It’s good to understand that the recoverable items folder resides in the non-IPM subtree of each mailbox. The non-IPM subtree is a storage area within the mailbox that contains operational data about the mailbox. This subtree isn’t visible to users using Outlook, Microsoft Office Outlook Web App, or other email clients.
With Exchange 2013 this provides the following key benefits:
When a mailbox is moved to another mailbox database, the Recoverable Items folder moves with it.
The Recoverable Items folder is indexed by Exchange Search and can be discovered using In-Place eDiscovery.
The Recoverable Items folder has its own storage quota.
Exchange can prevent data from being purged from the Recoverable Items folder.
Exchange can track edits of certain content.
The Recoverable Items folder contains the following subfolders:
Deletions This subfolder contains all items deleted from the Deleted Items folder. (In Outlook, a user can permanently delete an item by pressing Shift+Delete.) This subfolder is exposed to users through the Recover Deleted Items feature in Outlook and Outlook Web App.
Versions If In-Place Hold or Litigation Hold is enabled, this subfolder contains the original and modified copies of the deleted items. This folder isn’t visible to end users.
Purges If either Litigation Hold or single item recovery is enabled, this subfolder contains all items that are purged. This folder isn’t visible to end users.
Audits If mailbox audit logging is enabled for a mailbox, this subfolder contains the audit log entries.
DiscoveryHolds If In-Place Hold is enabled, this subfolder contains all items that meet the hold query parameters and are purged.
Calendar Logging This subfolder contains calendar changes that occur within a mailbox. This folder isn’t available to users.
If you wanted to know how much data you had in recoverable items you can try the following:
The above shows each of the recoverable item folders for each mailbox
Now I have the total size of all the recoverable items for all the mailboxes in Bytes. Thankfully powershell has an easy way to convert that to GB for me. You don’t need to divide by 1024 then divide by 1024 then divide by 1024 etc. You can copy the result of the Sum and divide it by 1GB.
54GB is the total amount of space used by Recoverable Items.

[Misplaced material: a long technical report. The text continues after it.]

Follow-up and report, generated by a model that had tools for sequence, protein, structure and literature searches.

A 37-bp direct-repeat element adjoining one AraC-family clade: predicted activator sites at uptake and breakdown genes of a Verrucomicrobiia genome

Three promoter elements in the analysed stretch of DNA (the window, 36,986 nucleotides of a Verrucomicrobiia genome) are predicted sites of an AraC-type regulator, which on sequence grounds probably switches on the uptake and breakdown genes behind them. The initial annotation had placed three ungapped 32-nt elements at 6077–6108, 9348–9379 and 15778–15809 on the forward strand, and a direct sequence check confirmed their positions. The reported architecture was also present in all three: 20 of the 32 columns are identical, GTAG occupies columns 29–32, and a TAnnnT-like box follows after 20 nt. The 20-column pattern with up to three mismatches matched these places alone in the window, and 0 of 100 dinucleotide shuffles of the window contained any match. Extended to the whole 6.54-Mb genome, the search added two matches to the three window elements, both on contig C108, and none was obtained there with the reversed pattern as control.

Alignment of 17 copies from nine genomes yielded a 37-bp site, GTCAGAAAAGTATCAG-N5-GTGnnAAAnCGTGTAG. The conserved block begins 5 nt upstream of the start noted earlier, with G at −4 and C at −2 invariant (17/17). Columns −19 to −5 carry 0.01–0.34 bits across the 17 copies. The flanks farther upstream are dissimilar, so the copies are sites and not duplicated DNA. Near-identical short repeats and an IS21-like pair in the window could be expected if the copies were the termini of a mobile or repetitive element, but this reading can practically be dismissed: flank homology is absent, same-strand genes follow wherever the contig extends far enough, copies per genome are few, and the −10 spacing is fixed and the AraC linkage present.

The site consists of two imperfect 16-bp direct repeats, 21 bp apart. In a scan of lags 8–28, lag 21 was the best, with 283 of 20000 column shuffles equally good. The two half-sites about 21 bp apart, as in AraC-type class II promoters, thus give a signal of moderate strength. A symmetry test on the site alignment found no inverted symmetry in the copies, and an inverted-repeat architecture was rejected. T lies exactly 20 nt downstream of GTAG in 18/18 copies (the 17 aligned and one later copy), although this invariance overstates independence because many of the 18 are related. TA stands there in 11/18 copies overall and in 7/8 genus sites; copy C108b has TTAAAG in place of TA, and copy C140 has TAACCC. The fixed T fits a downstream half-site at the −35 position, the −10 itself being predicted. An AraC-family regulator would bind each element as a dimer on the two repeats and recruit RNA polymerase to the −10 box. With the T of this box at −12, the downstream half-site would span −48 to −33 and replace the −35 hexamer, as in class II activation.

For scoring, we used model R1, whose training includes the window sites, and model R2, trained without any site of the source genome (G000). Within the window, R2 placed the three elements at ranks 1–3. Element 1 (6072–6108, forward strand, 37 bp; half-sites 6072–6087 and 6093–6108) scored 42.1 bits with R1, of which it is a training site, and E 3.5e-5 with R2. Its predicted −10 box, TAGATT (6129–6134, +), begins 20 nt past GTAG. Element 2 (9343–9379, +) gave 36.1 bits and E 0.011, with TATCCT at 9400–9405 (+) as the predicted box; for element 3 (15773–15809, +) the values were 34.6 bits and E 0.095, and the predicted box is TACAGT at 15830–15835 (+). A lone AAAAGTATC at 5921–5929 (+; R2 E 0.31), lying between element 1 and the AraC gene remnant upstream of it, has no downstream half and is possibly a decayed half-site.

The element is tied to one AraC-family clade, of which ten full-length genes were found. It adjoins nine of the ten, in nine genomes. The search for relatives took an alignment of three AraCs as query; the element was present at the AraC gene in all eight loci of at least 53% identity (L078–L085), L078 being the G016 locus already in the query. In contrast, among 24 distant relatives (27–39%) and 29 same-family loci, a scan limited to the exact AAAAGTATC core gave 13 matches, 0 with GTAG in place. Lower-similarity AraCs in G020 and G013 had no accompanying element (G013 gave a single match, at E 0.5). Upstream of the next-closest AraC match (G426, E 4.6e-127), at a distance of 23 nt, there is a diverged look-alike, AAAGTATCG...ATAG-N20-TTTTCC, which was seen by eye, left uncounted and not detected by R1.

Now the question came around how much space is taken up by Legal using In-Place Hold. I ran the following command:
I was recently working with a customer who had issues with logging into OWA. The users would get the following error:
Something went wrong
We can’t get that information right now. Please try again later.
Date: 8/3/2017 4:13:24 PM
In the event viewer under the application logs I found the following warnings:
Log Name: Application
Source: MSExchange OAuth
Date: 8/3/2017 11:13:08 AM
Event ID: 2004
Task Category: Configuration
Unable to find the certificate with thumbprint EF6392A5E64713AD43598B7A0FF75080964FB096 in the current computer or the certificate is missing private key. The certificate is needed to sign the outgoing token.
To find the existing certificate for which the authentication configuration is looking you can run:
I found that the certificate returned wasn’t listed when I ran the command Get-ExchangeCertificate. I was required to create a new exchange certificate by running the following commands:
New-ExchangeCertificate-KeySize2048-SubjectName"cn= Microsoft Exchange ACS Certificate"-FriendlyName"Microsoft Exchange Server ACS Certificate"-PrivateKeyExportable$true-Services SMTP-DomainName yourdomain.com
Now to set the AuthConfig to the newly created certificate we need to run the following:
Set-AuthConfig-NewCertificateThumbprint&lt;paste your thumbprint here&gt;-NewCertificateEffectiveDate$date
Now when I check the AuthConfig you can see the update certificate: